Lowrance Elite-7 - Increase Coverage Tip
2013 Aug 10
With the launch of the new Hybrid Dual Imaging (HDI) units by Lowrance, high frequency sonar has become very affordable. What Lowrance has done, is take their award winning Broadband Sonar (83/50/200kHz) to create clean fish arches, and combined it with their life like DownScan Imaging (455/800kHz) in a single transducer.
There is however a down side to the HDI, no SideScan. This dramatically reduces your coverage area when looking for structure and cover. For example, in order to see a screenshot like the one below, you would have had to pass the tree within less than 18ft. That means that you would have to run a grid of 16ft intervals in order to cover an area that is on average 20ft deep – that will take forever!
So what can you do to increase your coverage without forking out more than double what you just paid for your HDI system to add SideScan? It’s quite simple actually, by manually controlling the range. Just because the 455kHz has a beam of 47° left to right and less than 3° from fore to aft, it does not mean that it can’t ‘see’ further.
Auto range would typically select a range of 30ft when in 19 to 28ft of water, therefore limiting the soundwave to pretty much what is directly beneath the boat only, and that is what DownScan is supposed to do.
If you increase the range manually and turn auto off, you will start to see a lot more than what is directly beneath the boat. Take this screenshot below, that point of interest would not have been visible at all if on a range of 25ft, and even at 30ft you would have just caught the base of the standing timber making it impossible to identify as a point of interest.
The only problem with this tip is that you cannot simply extend the range as far as you want, like we do with SideScan until the power of the soundwave fades out. DownScan has very similar properties to conventional 2D sonar in that it has several echos, like when shouting into a gorge and you get the echo repeating itself but getting weaker each time. These second echoes are rarely seen when on auto because the range just simply isn’t large enough to show it. Unfortunately, it are these repeat echoes that will wipe out any information past the point where the next echo begins. So in order to select the correct range, you increase until you just start to see the second echo, and that becomes your new ‘virtual’ bottom. In this screenshot here, I should have been at a range of 50ft, not 80ft. This would have allocated a lot more pixels to my point of interest making it that much easier to identify.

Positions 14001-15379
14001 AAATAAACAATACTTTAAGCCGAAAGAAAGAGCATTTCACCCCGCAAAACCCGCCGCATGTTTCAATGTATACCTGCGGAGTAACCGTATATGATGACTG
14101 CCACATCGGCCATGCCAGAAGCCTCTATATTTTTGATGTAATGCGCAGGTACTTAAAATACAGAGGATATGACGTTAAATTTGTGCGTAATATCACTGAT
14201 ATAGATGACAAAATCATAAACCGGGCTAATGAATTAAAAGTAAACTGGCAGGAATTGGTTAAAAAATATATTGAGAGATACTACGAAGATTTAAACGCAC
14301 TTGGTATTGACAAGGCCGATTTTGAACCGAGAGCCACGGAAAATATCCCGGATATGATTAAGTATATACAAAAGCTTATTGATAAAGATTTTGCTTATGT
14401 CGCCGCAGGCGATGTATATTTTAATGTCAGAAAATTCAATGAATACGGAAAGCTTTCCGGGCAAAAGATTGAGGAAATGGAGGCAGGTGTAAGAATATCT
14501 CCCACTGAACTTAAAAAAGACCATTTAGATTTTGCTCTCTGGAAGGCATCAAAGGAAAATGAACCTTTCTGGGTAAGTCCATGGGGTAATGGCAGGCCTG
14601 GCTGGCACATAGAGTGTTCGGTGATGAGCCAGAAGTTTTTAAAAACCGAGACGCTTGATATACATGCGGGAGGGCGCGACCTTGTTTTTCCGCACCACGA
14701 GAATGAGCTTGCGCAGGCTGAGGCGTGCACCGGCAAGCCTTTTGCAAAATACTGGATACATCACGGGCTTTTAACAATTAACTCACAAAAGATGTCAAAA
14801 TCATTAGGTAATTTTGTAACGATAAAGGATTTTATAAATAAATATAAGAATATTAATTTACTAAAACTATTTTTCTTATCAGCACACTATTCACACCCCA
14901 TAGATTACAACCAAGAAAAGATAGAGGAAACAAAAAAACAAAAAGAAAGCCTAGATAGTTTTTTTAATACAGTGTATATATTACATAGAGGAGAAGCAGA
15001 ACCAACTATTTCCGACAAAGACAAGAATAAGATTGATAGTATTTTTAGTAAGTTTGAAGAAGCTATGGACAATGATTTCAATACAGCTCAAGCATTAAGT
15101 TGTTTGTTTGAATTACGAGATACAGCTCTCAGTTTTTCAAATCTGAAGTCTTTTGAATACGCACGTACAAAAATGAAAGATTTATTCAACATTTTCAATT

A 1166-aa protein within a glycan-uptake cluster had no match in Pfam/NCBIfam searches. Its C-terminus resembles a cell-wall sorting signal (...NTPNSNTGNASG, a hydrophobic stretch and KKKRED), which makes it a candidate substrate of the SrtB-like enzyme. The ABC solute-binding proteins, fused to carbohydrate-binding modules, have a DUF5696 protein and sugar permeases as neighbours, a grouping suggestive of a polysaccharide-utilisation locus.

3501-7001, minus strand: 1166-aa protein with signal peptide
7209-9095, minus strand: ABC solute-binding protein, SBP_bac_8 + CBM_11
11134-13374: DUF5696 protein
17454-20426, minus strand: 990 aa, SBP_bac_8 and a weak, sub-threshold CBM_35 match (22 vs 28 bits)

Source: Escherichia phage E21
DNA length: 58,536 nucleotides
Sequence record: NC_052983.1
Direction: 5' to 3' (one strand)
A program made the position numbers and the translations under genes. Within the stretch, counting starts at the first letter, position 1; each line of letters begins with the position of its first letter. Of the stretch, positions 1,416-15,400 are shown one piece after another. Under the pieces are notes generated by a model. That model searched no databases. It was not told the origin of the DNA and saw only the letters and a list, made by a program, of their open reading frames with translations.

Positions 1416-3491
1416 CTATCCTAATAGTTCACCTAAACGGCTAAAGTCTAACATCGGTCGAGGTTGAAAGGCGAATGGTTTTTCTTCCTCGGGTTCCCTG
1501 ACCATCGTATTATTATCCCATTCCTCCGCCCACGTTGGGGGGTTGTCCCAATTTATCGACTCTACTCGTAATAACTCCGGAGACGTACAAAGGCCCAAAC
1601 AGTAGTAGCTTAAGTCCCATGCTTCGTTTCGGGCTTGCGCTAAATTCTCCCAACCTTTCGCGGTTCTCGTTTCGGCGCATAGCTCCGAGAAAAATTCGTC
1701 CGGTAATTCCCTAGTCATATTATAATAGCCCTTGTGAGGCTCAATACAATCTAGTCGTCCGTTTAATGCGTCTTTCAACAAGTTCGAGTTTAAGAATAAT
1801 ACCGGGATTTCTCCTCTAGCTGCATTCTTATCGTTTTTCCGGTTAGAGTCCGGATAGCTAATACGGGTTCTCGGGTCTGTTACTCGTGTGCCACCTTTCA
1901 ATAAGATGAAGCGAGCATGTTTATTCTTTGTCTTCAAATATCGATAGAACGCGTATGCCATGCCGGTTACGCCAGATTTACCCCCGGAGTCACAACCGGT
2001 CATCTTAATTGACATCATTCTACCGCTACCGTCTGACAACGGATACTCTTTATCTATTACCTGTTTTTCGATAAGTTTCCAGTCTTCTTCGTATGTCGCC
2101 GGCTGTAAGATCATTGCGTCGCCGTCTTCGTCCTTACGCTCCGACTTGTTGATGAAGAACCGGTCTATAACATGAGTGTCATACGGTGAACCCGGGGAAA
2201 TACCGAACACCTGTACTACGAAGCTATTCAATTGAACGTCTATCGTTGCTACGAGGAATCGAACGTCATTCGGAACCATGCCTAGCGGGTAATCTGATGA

You can now create a waypoint of this POI, but we have no idea if it is to the left or right of the boat. We therefore need to know the position of two axis, X and Y. Once you spot something like this, you immediately create the first waypoint establishing the X axis.
The next step is to make a very wide turn to either left or right and approach your first pass trail from right angles heading straight for the waypoint.
When you spot the POI, you create your second waypoint, thus creating the exact spot on both axis. Don’t forget to delete the first waypoint now so you don’t target the wrong one when you come back another day.